• Wunderlist: Was affected! But patched. You should change your password.

• IFTTT: Was affected! But patched. You should change your password.

• Netflix: Unclear. So maybe wait a few more days and then change your password.

And the ones that were not:

• Apple: An Apple spokesperson told Yahoo Tech that “Apple takes security very seriously. iOS and OS X never incorporated the vulnerable software and key web-based services were not affected.” So, no need to change your password.

• Amazon: Was not affected. You do not need to change your password.

• Microsoft: Was not affected. You do not need to change your password.

• Evernote: Was not affected. You do not need to change your password.

• Dashlane: Was not affected. You do not need to change your password.


What Passwords you Need to Change Now
edit on 10pmThu, 10 Apr 2014 22:58:19 -0500kbpmkAmerica/Chicago by darkbake because: (no reason given)




posted on Apr, 10 2014 @ 11:26 PM
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It doesn't appear they are primarily after money or social security numbers - just a guess. Or - the sites unaffected are just more difficult to get to. They didn't hit healthcare.gov or things like amazon.com. Why are they trying to get to Internet services like godaddy and the amazon ones? Maybe a back door into every businesses' information. That one bothers me so will check into it. The email thing - happens so often I just don't put anything personal in them anymore.

People that do this stuff don't seem to get caught and only get better at their abilities. If someone can create it someone else can compromise it so the internet can never be completely safe.



posted on Apr, 11 2014 @ 02:22 AM
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reply to post by Dianec
 


I had a text from google

Which read:
Подозрительный вход в аккаунт "*where my email was" (см.google.com/signins)

Followed by another which read:

Пароль аккаунта "where my email was изменен (см. google.com/password)?

Not sure why google would send it in Russian.



posted on Apr, 11 2014 @ 02:24 AM
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reply to post by SUPERT303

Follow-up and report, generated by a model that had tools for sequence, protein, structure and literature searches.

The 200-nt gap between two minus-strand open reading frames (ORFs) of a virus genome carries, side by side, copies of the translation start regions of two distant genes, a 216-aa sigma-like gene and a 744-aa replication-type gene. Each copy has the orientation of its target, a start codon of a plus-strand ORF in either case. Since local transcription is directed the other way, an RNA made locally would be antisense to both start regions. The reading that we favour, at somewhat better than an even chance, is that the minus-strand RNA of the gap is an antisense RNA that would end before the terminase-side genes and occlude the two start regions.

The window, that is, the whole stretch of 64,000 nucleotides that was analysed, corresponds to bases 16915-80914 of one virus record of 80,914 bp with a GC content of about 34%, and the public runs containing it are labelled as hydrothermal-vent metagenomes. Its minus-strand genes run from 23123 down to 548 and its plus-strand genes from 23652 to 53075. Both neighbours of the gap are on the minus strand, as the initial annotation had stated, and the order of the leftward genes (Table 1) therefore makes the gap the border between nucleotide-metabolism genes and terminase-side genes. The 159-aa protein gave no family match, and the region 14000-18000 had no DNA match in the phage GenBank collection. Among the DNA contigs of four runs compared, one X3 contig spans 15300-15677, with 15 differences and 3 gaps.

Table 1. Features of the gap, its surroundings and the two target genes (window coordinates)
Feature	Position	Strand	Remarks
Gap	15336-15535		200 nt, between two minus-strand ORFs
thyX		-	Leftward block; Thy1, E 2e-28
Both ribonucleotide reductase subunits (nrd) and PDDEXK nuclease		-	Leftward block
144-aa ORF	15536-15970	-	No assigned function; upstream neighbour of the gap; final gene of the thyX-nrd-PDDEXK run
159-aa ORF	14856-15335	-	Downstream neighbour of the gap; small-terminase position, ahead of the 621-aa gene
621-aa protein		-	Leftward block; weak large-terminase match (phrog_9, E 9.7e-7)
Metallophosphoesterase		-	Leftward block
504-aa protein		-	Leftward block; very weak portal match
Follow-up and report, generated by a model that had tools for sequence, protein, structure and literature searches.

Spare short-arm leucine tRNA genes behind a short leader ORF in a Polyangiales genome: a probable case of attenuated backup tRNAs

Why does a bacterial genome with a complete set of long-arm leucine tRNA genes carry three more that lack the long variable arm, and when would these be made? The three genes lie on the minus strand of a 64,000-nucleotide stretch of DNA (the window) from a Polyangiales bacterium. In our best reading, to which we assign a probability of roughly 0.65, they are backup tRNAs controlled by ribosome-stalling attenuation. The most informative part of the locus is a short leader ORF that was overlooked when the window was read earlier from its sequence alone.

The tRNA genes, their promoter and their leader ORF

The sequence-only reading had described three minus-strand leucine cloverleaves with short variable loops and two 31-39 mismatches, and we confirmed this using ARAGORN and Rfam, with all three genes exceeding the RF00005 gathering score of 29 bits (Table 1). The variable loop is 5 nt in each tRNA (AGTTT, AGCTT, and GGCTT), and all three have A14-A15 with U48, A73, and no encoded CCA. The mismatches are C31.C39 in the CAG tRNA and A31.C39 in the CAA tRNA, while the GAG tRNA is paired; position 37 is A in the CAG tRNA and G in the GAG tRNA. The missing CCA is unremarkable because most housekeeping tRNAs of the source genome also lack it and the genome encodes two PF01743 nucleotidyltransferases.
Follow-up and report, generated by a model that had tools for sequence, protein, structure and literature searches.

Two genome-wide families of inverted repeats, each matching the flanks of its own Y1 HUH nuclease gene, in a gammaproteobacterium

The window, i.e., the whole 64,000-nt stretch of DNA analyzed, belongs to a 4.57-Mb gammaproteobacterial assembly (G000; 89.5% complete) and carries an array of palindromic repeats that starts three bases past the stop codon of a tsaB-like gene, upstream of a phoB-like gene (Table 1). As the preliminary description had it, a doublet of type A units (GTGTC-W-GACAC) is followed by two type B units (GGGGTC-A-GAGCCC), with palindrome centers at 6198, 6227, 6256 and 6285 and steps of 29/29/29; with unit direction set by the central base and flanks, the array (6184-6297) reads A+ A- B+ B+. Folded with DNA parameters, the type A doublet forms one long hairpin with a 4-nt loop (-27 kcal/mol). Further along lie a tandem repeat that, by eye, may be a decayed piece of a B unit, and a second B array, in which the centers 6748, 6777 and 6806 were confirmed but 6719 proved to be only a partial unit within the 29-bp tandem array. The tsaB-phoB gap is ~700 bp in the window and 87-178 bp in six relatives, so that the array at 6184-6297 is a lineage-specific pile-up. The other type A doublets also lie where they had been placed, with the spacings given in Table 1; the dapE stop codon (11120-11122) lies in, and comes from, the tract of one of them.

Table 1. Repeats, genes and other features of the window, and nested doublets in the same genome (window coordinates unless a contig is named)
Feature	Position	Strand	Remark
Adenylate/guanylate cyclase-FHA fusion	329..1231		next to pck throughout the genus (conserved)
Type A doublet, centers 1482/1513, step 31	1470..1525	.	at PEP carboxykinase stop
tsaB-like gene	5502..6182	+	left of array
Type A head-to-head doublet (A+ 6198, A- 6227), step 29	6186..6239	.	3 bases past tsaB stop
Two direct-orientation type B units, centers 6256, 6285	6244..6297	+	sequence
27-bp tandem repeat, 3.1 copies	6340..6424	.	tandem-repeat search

That is really odd, I assumed it was because you spoke Russian.



posted on Apr, 11 2014 @ 02:25 AM
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reply to post by Dianec
 


I think it is a vulnerability - was it a back door or a mistake? Are you able to find out? Anyway, I don't think it was an "active" threat unless someone knew about the vulnerability and exploited it. It looks like coding error at first glance, not sure.
edit on 11amFri, 11 Apr 2014 02:26:10 -0500kbamkAmerica/Chicago by darkbake because: (no reason given)



posted on Apr, 11 2014 @ 09:04 AM
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Well, after reading about this in another thread, and being advised not to change any passwords unless the website in questioned asked me to, I paid no attention to it. Well this morning I got my first notification via email from *Pinterest, that I needed to change my password because the site had been compromised. So far, nothing else has.



posted on Apr, 15 2014 @ 11:57 PM
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reply to post by AccessDenied
 


I went to TheEconomist.com today and they had a warning across the top of their page that they had just patched their systems in order to fix the heartbleed vulnerability, but it was advised to change your password anyway.

So strange, I did a search before posting this O.P. and didn't find anything then. I have bad luck with that. Now I find a ton of threads on it.



posted on Apr, 16 2014 @ 09:03 AM
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reply to post by darkbake
 


Yeah, it just took time for sites to fix things and put the word out. My husband got a notification about his tumblr account as well. No big deal really.